Dir: Tim Chambers. US. 2011. 99mins
A heartfelt and generally well acted tale of sports underdog uplift, and a marginal recommendation for those interested in its subject matter, The Mighty Macs tells the true story of a driven women’s basketball coach who in the early 1970s turned tiny Immaculata College into a three-time national champion. Achingly familiar in its plotting, and evincing little ambition to stretch beyond its comfortably prescribed parameters of feel-good fortification, the film mainly serves as a nice showcase for Carla Gugino, as well as helping remind viewers that sports aren’t some exclusive, birthright domain of just men.
Burstyn brings wonderful shading to a role that could easily have come across as unsympathetic.
Facing stiff opening weekend competition from three different studio releases with more marketable and clearly defined audiences, The Mighty Macs is playing up its family-friendly qualities in an effort to lure more conservative audiences to theatres, but seems consigned to drum up most of its business via domestic ancillary markets. The period setting, lack of big stars and, quite frankly, gender lens all necessarily limit the movie’s international appeal.
Hired for a meager $450 salary by Mother St. John (Ellen Burstyn), Cathy Rush (Gugino) is given one worn basketball, no gymnasium and little more than the bluntly conveyed directive to “use these activities to suppress the girl’s hormones.” An extremely competitive person, however, Rush pushes all the returning players on her tiny, all-girls Catholic school team to embrace some of the more aggressive tactics used in men’s games. She wants to win, and she wants her girls to be driven by that same passion on the court.
Sister Sunday (Marley Shelton), a nun struggling with her faith, joins Rush as her assistant coach, and their efforts rather quickly start producing results. Off the court, meanwhile, Mother St. John deals with a budget shortfall that leaves her unable to commit many more resources to Rush’s team. As the first-of-its-kind national women’s postseason tournament prepares to tip off, the Immaculata squad secures a coveted at-large berth, rallies its community, and goes on to make an amazing run to the championship.
If The Mighty Macs (so named for the school’s mascot) charts a familiar narrative course, Gugino is the engine that keeps it going, and on track. Sacrificing no femininity, she’s plucky and driven, and has a connection with her young charges that is based around goals and hard work, but at the same time not dishonest about its roots in gender identification, either.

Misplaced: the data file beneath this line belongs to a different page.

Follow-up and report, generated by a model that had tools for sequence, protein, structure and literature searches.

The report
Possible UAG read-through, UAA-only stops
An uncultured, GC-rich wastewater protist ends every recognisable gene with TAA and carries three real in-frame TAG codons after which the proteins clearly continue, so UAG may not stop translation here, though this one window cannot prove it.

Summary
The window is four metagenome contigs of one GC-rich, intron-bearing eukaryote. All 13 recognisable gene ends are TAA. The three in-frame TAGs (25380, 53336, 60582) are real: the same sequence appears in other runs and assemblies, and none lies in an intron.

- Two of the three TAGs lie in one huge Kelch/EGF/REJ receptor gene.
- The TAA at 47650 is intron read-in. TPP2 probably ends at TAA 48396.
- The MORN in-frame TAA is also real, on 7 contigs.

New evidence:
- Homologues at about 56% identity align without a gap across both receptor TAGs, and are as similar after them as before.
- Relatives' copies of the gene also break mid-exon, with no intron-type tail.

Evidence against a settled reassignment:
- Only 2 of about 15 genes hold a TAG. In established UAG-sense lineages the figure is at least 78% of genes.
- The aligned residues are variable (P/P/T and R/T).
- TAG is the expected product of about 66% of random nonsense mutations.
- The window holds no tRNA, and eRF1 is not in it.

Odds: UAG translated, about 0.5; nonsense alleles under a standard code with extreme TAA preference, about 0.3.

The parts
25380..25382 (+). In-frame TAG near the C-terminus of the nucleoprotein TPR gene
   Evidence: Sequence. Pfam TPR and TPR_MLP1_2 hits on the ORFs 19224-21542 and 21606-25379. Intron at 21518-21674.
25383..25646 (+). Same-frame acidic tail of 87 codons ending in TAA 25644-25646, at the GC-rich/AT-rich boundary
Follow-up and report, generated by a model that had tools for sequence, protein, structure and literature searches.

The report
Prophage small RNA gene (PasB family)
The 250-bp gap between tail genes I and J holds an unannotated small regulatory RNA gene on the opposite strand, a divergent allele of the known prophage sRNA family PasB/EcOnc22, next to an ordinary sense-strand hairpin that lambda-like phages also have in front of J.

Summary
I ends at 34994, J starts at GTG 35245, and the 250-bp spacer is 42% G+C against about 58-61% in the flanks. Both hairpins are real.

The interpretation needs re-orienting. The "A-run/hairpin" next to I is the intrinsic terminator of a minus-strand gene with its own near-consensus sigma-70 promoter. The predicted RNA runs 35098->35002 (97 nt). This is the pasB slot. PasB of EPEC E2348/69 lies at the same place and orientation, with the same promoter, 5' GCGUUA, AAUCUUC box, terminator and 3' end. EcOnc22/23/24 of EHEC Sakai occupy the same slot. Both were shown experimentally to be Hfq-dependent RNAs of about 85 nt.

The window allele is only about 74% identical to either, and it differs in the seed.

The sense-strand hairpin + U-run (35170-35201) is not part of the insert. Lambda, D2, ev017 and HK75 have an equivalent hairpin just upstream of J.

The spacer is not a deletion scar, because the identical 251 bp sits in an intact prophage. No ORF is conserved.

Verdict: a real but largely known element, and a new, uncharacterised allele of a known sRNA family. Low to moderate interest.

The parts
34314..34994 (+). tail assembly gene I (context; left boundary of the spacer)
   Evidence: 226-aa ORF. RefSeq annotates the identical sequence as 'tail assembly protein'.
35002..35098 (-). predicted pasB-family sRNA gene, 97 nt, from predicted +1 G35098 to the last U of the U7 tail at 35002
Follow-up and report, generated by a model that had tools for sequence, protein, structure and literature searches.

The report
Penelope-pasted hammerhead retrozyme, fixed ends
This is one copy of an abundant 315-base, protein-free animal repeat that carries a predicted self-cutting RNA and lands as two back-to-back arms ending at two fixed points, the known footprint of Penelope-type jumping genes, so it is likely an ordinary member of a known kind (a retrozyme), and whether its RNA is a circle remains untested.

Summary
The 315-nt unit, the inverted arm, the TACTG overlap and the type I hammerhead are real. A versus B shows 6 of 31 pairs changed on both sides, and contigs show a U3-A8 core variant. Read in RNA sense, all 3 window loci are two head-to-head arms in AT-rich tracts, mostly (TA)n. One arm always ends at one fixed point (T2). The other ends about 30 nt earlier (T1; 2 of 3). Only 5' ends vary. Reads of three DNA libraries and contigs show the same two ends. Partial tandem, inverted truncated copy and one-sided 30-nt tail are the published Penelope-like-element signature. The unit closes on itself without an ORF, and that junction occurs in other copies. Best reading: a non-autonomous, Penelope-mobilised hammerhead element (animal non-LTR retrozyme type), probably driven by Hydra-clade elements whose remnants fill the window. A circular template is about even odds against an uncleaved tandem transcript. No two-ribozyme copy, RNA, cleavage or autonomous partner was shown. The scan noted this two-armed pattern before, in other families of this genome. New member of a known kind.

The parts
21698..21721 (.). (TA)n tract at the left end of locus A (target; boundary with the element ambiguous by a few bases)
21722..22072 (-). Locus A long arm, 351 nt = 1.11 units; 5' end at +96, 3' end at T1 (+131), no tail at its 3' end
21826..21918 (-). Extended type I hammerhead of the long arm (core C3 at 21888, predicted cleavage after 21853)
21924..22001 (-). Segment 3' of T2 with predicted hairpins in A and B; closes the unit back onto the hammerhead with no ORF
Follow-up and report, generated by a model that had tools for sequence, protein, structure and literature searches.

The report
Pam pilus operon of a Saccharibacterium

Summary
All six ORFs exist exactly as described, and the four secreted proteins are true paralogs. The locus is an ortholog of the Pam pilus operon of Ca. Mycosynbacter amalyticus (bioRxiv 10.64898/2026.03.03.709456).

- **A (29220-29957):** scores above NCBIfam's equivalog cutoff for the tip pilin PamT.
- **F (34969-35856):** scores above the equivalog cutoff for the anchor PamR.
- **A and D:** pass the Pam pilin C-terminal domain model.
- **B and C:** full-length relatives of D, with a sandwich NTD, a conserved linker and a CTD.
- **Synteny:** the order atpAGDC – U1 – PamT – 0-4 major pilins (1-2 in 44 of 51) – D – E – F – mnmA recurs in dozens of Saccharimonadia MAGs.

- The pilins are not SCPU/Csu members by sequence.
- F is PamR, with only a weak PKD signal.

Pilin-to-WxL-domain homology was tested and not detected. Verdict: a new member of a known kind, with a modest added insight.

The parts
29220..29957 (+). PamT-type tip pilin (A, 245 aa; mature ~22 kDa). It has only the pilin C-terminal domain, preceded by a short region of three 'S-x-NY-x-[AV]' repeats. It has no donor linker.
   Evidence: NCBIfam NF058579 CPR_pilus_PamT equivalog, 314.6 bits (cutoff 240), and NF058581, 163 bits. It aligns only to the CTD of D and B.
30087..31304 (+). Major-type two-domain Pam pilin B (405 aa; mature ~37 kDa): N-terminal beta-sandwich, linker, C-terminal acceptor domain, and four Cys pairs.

Gugino’s recent Elektra Luxx costar, Shelton, meanwhile, is also wonderfully engaging, while Burstyn brings wonderful shading to a role that could easily have come across as unsympathetic. It is in the relationships of these three women — with one another, the school, and their fellow colleagues — that The Mighty Macs feels most alive. Despite one or two good scenes of interaction with Rush, the young players are somewhat surprisingly not given a great amount of differentiation, and ergo blend together.
The movie’s failings chiefly relate, though, to a string of curious third act missed opportunities, in which various story tidbits (Rush competing against an ex-coach, who cut her from two teams, or later outing herself to Sister Sunday as Baptist, not Catholic) are given low payoff by writer-director Tim Chambers, in favor of more generic basketball action.
There’s also no sincere attempt at digging into a more textured, engaging and realistic portrait of Rush’s relationship with her husband Ed (David Boreanaz), which seems especially baffling given that he is a professional basketball referee. Early on, Ed pushes back against his wife’s workplace devotion, as one might suspect to find fairly common for the time period, but he falls readily into supportive mode when it becomes convenient to have rah-rah cutaways and other moments of emotional support later in the movie.
Technical credits are solid throughout. Production designer Tim Galvin achieves a convincing period piece look on a small budget, and Chambers, cinematographer Chuck Cohen and editor William Ross also nicely choreograph the hoops action so that it does not devolve into a series of ridiculously short shots.
Production companies: Ocean Avenue Entertainment, Alexandra Grace Curran Productions, Quaker Media
Domestic distribution: Freestyle Releasing
Producers: Whitney Springer, Tim Chambers
Executive producers: Pat Croce, Vince Curran, John Chambers, Thomas Karl, Bud S. Smith, Sean Wolfington
Co-producers: Mark Robert Ellis, Howard Gensler, John Rizzo, Keith Stephenson
Screenplay: Tim Chambers
Cinematography: Chuck Cohen
Editor: M. Scott Smith
Production designer: Tim Galvin
Music: William Ross
Main cast: Carla Gugino, Marley Shelton, Ellen Burstyn, David Boreanaz, Kate Hayek, Kim Blair, Meghan Sabia, Margaret Anne Florence, Kate Nowlin, Taylor Steel, Blanka Brunson